by Dawn Munger
Chance is a 4 y/o American Bulldog mix.
I volunteer at an animal shelter. About 3 years ago, a dog came in bleeding and scarred. The man who brought him drove all the way from a breed banned area to our shelter which is one of few that accept Bully breeds.
He said he thought the dog deserved a chance. That's how he got his name.
I took Chance out whenever I could and requested him for group walks. He'd lay in my lap in yard while I rubbed his belly. He was in the shelter for 6 months and began to kennel-guard, so he got moved from the adoptable area to the back.
I knew his time was short so I asked to foster him. We did a dog-to-dog with my youngest Corgi, who's the only one in the pack who has issues with other dogs. Especially bigger male dogs. He snarled and growled at Chance. Chance backed off and ignored the grumpy Corgi. With hesitation, they said I could foster.
In less than 2 weeks, I was a foster failure. Chance is a smart, goofy, playful dog who was in desperate need of training. In less than 6 months he earned his CGC. We took Obedience, Rally-O, Tricks, Scent Work, and every class we could find. He did great in all of them. We're currently taking our 6th Agility class, which he adores. We've had some bumps along the way, but he's an amazing dog who puts up with 4 crazy barking Corgis and the household cat. Because of the youngest Corgi's tendencies to get bossy, we taught Chance to carry a toy in his mouth while he's playing alongside the Corgis. He does like to tear the sqeakers out and chew them up. We've literally been through 100 or more of these toys without incident until last week.
On Friday morning, Chance was sick.
He made it outside just in time to vomit. He threw up some food, grass, bile, and 3x3" piece of a rubber toy. Other than that, everything seemed fine. Chance went for a walk, ate his breakfast and his stool was normal.
By noon, though, he vomited his entire breakfast.
After that, he kept throwing up the rest of the afternoon; mostly foamy bile.
I gave him a little bit of chicken and rice, hoping that would settle his upset stomach. But he kept throwing up all night--food, bile and foamy bile. The next day, I took him to the vet.
An obstruction was a prime suspect.
However, x-rays showed no obstruction or foreign objects at all. Because he was dehydrated and not well, they kept him over night and gave him IV fluids and Famotidine.
On Sunday afternoon Chance was discharged from the hospital with Famotidine and Cerenia.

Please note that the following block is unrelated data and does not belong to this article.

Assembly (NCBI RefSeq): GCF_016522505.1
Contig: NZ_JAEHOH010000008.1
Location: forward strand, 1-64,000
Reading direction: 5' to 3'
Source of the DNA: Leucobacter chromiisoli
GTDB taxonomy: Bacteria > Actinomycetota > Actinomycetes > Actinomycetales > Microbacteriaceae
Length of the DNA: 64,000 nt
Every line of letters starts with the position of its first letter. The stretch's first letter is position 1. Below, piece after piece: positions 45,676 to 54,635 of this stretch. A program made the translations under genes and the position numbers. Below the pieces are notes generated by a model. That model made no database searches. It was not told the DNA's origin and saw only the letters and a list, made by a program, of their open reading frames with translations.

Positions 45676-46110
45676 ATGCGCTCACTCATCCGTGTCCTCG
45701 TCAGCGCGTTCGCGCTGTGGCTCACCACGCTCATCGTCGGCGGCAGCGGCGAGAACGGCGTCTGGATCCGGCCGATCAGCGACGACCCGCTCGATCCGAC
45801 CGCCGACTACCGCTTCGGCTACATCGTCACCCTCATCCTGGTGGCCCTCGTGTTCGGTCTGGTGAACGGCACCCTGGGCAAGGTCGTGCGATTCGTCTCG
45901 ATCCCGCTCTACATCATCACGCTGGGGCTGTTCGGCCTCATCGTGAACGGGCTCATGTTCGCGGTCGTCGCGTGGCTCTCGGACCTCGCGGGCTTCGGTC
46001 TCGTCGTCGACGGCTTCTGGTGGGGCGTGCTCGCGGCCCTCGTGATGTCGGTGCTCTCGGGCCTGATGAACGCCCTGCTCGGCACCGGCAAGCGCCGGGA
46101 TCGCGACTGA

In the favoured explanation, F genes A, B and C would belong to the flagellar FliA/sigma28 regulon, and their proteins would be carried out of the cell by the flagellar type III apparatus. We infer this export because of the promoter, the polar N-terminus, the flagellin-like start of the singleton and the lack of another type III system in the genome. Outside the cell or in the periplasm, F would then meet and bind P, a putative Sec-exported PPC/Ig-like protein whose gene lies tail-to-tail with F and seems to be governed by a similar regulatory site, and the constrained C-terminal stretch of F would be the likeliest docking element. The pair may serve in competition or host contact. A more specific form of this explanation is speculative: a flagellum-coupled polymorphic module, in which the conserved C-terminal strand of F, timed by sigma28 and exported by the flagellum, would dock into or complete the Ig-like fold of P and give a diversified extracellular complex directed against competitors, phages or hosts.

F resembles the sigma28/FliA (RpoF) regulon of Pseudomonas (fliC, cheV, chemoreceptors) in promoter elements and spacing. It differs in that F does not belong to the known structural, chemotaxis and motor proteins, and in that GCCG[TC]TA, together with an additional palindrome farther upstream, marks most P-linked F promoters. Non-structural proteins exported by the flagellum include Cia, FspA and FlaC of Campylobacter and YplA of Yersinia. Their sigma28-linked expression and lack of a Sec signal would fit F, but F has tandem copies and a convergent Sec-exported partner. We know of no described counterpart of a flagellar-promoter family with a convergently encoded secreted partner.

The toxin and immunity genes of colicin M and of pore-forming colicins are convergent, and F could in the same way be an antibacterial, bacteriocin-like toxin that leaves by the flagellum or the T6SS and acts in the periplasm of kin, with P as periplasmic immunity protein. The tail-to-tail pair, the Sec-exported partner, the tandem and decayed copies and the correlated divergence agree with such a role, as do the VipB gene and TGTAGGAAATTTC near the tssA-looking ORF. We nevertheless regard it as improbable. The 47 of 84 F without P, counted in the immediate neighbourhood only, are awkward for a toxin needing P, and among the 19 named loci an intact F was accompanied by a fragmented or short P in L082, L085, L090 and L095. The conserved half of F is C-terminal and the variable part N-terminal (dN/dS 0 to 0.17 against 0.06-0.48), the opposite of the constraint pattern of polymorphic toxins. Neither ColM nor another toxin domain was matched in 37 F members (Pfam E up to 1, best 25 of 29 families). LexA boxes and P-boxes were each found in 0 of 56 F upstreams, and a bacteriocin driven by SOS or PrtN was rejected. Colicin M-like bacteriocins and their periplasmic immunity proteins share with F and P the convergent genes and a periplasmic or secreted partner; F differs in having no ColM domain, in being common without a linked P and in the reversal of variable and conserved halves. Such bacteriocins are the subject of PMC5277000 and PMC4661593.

He seemed to had been feeling fine.
He went for a walk, ate his meal and didn't throw up. Pooped a small amount. Things continued to look well until Monday afternoon.
Chance didn't feel like eating much and started vomiting again.
I gave him some Pepcid. That stopped the vomiting, but he still didn't want to eat. By Tuesday afternoon he started throwing up again; even the Pepcid wouldn't stay down. Chance also seemed to have a hard time pooping.
This continued through the night, when he was vomiting foamy bile about every hour.
We were back at the vets first thing in the morning.
They did more tests. More x-rays, ultrasound ... no blockage found. Bloodwork was normal, pre-screen for Addison's was negative. But something was clearly wrong ...
They kept him in the hospital again. But in spite of all the meds and IV fluids, Chance was not improving.
You can imagine my worry and frustration.
Another negative ultrasound. The vets were convinced that blockage was not the problem and wanted to run an ACTH Stimulation test for Addison's disease. However, we insisted on a Barium study.
Barium has not entered Chances colon.
They took Chance to surgery to look for the problem. Lo and behold, they removed a 2.5" piece of the rubber toy, part of which Chance threw up a week ago.
The hospital is very good so I kept second guessing what I knew all along.
Really? You want to test him for Addison's Disease when he vomited a piece of rubber and won't eat and can't poop?
On Thursday when we left the hospital, I was devastated. Chance looked so miserable, like I've never seen him before. I just wanted them to find SOMETHING. Why couldn't they figure it out?
After reading responses from the Facebook group Dog Health Issues, I was certain that they needed to do an exploratory surgery. I was SO relieved that the Barium Study finally showed what I knew all along.
I am grateful and relieved that they fixed my boy but still sad that he had to suffer a whole week.